Skillful Small Talk (II)

So, you've successfully started the conversation. What do you do when the conversation threatens to stall or simply dry up. The solution: ask a question. Questions are the lifeblood of any small talk! Intelligent questions make the conversation interesting. If you ask clever questions, you'll learn more about the others. But don't put them under duress: this is not an interrogation! 

Good questions are always open-ended, i.e. they cannot be answered with a simple "Yes" or "No". These include all questions that start with what, how, when, where, why, or who. Here are a couple of examples:


  • Opinion questions: What do you think about that?
  • Feeling questions: How are you handling that? (Be respectful in how you ask this!)
  • Action questions: What other plans do you have?

If the other person responds, wonderful! But this is not the moment to switch off. The key here is to listen actively. People want attention. So show the other person that he or she has your attention by:

  • Do not look out of the corner of your eye and checking out who else might be out there to talk to. Do not let your mind wander.
  • Do not interrupt or try to switch the subject.
  • Confirm that you're listening with verbal cues: uh-huh, oh?, mm-hhh, sure, etc.
  • Reflect the other person's body language with your own.
  • And take what they say and their feelings seriously.

This brings us to the second important aspect for successful conversation: Understanding. We might think of ourselves as being very tolerant. However, it even happens to old pros that they sometimes let the other person know that they don't understand, particularly in times of stress:

  • How can this be too complex for you?!
  • What's the problem?!
  • I don't understand what you're saying!

These kinds of responses leave the other person feeling rejected. The message that you're indirectly conveying is: I have no desire to deal with you and your stuff. Are you stupid? You can't seriously mean that?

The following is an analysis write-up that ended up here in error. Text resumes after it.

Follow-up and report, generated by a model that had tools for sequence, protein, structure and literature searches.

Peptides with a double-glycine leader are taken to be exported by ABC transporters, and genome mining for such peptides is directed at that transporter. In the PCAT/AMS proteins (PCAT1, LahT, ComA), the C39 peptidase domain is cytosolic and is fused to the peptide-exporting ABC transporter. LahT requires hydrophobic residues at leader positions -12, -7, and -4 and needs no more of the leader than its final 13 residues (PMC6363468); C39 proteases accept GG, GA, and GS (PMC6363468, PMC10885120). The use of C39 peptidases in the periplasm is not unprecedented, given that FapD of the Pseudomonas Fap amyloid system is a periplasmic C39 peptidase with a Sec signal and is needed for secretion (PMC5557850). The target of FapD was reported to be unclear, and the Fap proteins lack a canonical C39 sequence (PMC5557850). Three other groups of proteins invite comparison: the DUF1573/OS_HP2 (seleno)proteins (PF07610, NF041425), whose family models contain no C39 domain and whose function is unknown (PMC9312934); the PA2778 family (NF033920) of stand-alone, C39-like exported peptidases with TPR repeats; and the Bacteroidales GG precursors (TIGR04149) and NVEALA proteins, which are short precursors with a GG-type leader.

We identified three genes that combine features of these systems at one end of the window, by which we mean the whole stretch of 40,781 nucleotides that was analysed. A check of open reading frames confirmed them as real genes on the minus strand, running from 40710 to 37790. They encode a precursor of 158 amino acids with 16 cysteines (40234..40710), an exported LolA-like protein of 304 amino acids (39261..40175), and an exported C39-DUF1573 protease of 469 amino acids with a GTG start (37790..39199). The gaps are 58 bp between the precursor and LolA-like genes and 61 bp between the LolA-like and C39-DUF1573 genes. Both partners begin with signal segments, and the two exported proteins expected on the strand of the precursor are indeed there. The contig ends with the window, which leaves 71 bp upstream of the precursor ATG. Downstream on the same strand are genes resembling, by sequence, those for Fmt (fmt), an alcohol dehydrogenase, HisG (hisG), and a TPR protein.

There's no reason for you to make such a statement that you don't understand the other person, at least not until much longer into the conversation. It's better to show your empathy and ask:

  • I see. Could you please tell me why you think that it's too complex?
  • I'm standing on the hose. Why isn't it working?
  • What do you mean when you say... (paraphrase what you've heard).

Understanding is closely related to another basic human need: people want affirmation from others in the conversation. Sounds easy, but it's not! We constantly refuse to grant this affirmation. Listen to the conversations around you. Either we don't respond at all and change the subject or respond with a piece of advice. An example:

A: The project needs to be done by the end of the week; this means working late for the whole team. 

B: Get your act together: maybe you should have started your planning sooner. 

Who wants to hear that? What person A really wanted in response: "I know. That's tough, but you'll manage!"